Immigration Awareness Pilgrimage: A Journey of Hope

Paul Keggington

September 04, 2008

Photos contributed by Fred Graber, September 7, 2008.  Other photos see Flickr. The Compass News has further coverage and an audio/visual slideshow.

During this month in which Pope Benedict XVI in the General intentions for 2008 recommends that the people of God pray “that Christians may defend and protect refugees”,  the Franciscan Sisters of Christian Charity, Manitowoc, WI, the Sisters of St. Francis of the Holy Cross, Green Bay, WI, the Norbertines of St. Norbert Abbey, De Pere, WI and the Diocese of Green Bay invite you to virtually walk with them in an Immigration Awareness Pilgrimage, A Journey of Hope, Justice for Immigrants and Refugees.

On August 31, 2008, Pope Benedict XVI declared:

Migration has become an emergency in our times, and one that demands solidarity and effective political solutions…for their part, European countries, and all other countries that are the destination of immigration, are called to, among other things, develop through consensus initiatives and structures that continue to adapt themselves to the needs of irregular migrants.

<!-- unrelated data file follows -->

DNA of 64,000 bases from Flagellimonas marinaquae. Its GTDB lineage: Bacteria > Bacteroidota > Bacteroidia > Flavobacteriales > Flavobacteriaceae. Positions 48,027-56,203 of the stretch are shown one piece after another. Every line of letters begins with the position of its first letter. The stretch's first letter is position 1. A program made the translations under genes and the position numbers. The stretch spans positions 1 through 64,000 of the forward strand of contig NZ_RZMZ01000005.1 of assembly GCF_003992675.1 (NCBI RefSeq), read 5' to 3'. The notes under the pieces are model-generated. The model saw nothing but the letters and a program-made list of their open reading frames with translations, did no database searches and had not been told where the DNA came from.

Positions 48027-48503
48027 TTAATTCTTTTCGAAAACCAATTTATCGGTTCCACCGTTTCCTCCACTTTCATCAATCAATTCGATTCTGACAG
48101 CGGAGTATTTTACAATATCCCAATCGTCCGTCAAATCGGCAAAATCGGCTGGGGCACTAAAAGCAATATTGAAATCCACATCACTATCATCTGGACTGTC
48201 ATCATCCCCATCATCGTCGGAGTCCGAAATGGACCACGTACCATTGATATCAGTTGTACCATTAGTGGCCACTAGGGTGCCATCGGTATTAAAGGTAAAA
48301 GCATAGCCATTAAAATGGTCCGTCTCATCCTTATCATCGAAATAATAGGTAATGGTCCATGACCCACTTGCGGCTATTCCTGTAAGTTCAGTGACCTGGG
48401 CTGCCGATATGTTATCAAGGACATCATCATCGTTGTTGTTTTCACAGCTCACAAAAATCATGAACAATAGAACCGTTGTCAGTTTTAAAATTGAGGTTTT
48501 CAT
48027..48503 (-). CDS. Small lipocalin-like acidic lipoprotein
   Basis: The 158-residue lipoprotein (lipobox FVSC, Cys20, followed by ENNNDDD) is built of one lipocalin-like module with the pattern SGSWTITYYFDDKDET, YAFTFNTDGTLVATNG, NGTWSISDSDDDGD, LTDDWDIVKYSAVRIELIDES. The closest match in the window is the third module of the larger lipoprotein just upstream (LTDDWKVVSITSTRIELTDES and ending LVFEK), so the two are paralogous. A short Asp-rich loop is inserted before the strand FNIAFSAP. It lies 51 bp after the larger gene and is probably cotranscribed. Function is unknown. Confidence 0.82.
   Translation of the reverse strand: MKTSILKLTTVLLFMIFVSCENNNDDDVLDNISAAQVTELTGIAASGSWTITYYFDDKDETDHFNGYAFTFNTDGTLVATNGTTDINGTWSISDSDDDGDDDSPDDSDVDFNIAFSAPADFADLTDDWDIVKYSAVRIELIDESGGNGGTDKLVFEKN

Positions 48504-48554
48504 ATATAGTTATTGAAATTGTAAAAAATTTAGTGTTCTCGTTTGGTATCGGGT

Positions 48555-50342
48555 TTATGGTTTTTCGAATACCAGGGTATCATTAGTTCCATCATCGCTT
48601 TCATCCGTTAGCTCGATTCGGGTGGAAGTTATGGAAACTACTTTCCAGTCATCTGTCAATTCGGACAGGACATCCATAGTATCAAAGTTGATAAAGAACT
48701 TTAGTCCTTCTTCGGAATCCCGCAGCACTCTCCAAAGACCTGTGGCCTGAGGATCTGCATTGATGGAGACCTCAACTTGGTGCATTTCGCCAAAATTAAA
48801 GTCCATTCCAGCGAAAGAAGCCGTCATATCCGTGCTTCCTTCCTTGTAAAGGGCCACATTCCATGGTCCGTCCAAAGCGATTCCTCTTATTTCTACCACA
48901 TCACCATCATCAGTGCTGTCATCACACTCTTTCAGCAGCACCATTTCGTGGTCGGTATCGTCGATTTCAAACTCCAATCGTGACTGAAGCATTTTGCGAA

The latter must be made aware, on the one hand, of the value of their own lives, which are a singular good, always precious, that should be safeguarded in the face of the grave risks that the pursuit of better situations exposes them to and, on the other hand, the duty of legality that is imposed on all.”

As the [Pope],” he added, “I feel a profound obligation to recall everyone’s attention to this problem and to ask for the generous cooperation of individuals and institutions to deal with it and to find solutions.”

Desiring to follow in the footprints of Jesus, reflect on the Holy Father’s words in the light of this Gospel passage from Mt.25:35-40.

For I was hungry and you gave me food; I was thirsty and you gave me drink; I was a stranger and you made me welcome; naked and you clothed me; sick and you visited me; in prison and you came to see me…I tell you solemnly, in so far as you did this to one of the least of these brothers and sisters of mine, you did it to me.

How do we as Church respond to the needs of migrants and refugees in our country today?

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